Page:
“The biggest problem, however, arises from the fact that the annexation of Crimea by the Russian Federation in 2014 reinforced negative perceptions of any territorial change”, says Professor Pantev, adding that the problem is also linked to Moscow's policy towards Serbia, preventing Belgrade from finding a solution to its Kosovo issue in a constructive way. “Russia does not want that”, he says.

Serbia needs an agreement with Kosovo to advance its EU candidacy, and Kosovo needs Serbia to be in the EU, where it will become subject to EU constraints on its military, security, and foreign policy actions, says Hooper. “I see the delineation of the border between Kosovo and Serbia as not only a stabilising factor, but an essential one for the greater stability of the Balkan region. It is important for Kosovars to understand that territory is a means to an end – a greater security for an independent Kosovo, not a goal in itself”.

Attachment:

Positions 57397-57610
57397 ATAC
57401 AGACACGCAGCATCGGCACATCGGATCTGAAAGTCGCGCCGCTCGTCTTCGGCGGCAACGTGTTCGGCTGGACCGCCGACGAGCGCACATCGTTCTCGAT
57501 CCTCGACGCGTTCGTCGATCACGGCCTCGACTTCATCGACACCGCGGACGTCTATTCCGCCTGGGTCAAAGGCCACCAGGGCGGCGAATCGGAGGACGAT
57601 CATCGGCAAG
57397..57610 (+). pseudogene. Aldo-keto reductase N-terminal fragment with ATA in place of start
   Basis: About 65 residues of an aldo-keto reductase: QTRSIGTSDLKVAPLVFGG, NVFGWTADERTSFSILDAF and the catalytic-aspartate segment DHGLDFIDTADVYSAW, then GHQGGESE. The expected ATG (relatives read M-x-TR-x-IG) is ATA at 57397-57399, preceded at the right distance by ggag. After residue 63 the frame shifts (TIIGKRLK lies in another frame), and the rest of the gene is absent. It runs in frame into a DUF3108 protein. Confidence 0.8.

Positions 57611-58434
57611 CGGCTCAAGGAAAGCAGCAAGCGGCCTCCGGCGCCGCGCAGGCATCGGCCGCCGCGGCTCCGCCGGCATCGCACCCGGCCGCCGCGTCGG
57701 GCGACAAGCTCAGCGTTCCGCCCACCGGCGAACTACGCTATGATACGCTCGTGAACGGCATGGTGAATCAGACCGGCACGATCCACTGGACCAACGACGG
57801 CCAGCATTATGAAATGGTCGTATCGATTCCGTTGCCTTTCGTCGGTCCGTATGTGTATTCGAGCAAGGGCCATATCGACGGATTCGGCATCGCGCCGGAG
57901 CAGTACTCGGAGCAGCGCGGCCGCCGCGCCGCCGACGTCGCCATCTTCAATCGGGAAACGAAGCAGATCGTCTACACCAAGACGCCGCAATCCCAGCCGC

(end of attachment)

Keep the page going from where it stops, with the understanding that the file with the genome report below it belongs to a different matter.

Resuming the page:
As the dialogue reaches its final stage, there will be a need for the solution to be legal and in line with international law. The final settlement will have to ensure that it does not endanger regional stability and that it does not negatively affect the communities involved, says Florian Bieber. “These are the key red lines that need to be set. Border changes, though, by definition, are not able to deliver on that, because they cannot provide regional stability and security”. There is a grey zone in which negotiation is possible, but overall, “border changes in the way suggested by presidents of both countries are quite problematic”, says Bieber.

Current EU High Representative for Foreign Affairs and Security Policy Federica Mogherini is at the end of her mandate, so new negotiations will have to rely on the new European Commission which will emerge after the European elections, scheduled for next May. Probably, the process will not actually resume before the end of 2019.